Faith-Based Software Development

How do you know that? Are you sure? Why?

Yesterday, while discussing a particularly difficult team-energy kind of problem, something led me to identify their methodology as “faith-based.” Everyone laughed, and they immediately got my point. Faith in a process is really no way to run a development shop.

If what you want is to feel good about your process, by all means have faith in it. If you prefer oustanding (or even decent) results, develop your ability to observe and adapt. And have faith in that.

One of those unexpected life lessons

When I was all of twenty years old, my best friend used to interrupt quite a few of my (many) sweeping statements by asking, “Are you sure?” And then “Why?” I’m not sure that questioning technique was intended to change forever the way I think about things, but it did.

Scientifically, we have to go and check things to find out what is true. So when a lead explains a lack of unit tests by saying they take too long, I have to ask, “Are you sure?” and then “Why?” Sometimes I can combine the questions as, “What makes you say that?”

The same goes for establishing goals and objectives. Once it’s been decided what your organization needs to be successful, which are really values issues in the first place, the next thing is to examine specific goals. Architect this application. Support that infrastructure. “Does the FOO application help us hit benchmarks? Are we sure? Why?”

So much for thinking strategically.

Most of my work is far closer to the line. At that level, the day-to-day production work of making software, you need to know what works (so far) and what doesn’t work (yet). For you.

You know the aphorism that goes “if you can’t measure it, you can’t manage it”? I think that’s wrong; there are obviously a lot of important things that get managed, and need to be, but don’t come with handy statistics. Do the best you can with the subjective stuff, whether it’s by instituting a pain scale (e.g., 1 for barely any pain, 10 for theworst pain you can imagine) or by ordinary observation (e.g., “Sharon says she’s less stressed than a month ago”).

Success comes from continuous improvement, a constant revising of your strategies and tactics. So a lot of what I do is asking, “Is that working for you? Are you sure? Why?”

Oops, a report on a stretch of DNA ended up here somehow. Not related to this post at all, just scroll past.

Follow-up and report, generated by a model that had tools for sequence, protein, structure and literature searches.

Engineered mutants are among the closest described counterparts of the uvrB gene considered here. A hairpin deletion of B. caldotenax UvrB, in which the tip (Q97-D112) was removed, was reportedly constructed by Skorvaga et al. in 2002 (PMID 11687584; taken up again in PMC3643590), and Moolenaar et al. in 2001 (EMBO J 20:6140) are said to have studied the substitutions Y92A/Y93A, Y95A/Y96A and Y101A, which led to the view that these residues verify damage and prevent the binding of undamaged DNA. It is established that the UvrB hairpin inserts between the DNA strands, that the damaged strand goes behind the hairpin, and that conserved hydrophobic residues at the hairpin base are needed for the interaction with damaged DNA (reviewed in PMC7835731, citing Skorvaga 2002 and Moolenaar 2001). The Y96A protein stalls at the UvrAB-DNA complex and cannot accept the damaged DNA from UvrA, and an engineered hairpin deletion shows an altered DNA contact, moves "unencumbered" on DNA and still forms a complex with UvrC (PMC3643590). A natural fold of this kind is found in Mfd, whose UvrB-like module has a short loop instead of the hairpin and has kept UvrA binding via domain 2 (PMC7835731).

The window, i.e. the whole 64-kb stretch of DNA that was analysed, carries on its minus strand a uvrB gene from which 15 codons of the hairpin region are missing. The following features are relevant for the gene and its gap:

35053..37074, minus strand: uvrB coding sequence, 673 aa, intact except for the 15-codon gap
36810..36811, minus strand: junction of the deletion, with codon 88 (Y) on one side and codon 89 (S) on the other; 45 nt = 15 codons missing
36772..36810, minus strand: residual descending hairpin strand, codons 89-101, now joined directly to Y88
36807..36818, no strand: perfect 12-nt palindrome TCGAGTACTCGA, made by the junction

The need for continuous observation and correction is constant. Have faith in that. The resulting strategies, tactics, tools, and techniques are (or should be) ephemeral. They are your servants, not your guides.

That’s why it’s so hard

When teammates or managers get dug into what’s obviously (to you) an unproductive process, consider what’s in it for them. Is it really as blunt as job security? Is there a more important motivation like belief in a value system, respect for a mentor, fear of being caught out? Control and insecurity go together a lot. Or do they seriously just not know any better?

Do you?

What kind of practices and ideas do you have faith in? How have you dealt with others who do not share the same kind of faith? How has your software development faith changed over the years? I’m looking forward to the comments on this.

2 thoughts on “Faith-Based Software Development”

  1. Speaking from personal experience, I think the biggest disincentives to checking and testing are

    1
    I have a lot invested in this already and I really don’t want to test this bit and find it doesn’t work.

    and

    2
    Testing is hard and I have to keep my brain alert because there is no pre-ordained route to good testing – and I am tired and I want an easy life.

  2. Good ones!

    Related to #1 is “I’ve already burned the hours I was supposed to devote to this, and if it cycles back through the tracking system as a new defect a week from now it won’t affect my timeliness on this task.”

    A good solution to #2 is having a good unit test framework in place. Then a lot of the test creation is done for you via JUnit-like wrappers and such. It’s even better if you’re doing TDD, in which writing the test code is very tightly integrated with defining what the method is going to do, which you have to do anyway, right? Shouldn’t take any extra time at all.

    One I’m hearing about lately (#3) is “I’m senior here, the code has always been done my way, and I’ll lose clout if that changes.” I wonder what the motivation is for cultivating that clout though.

Leave a Reply

Your email address will not be published. Required fields are marked *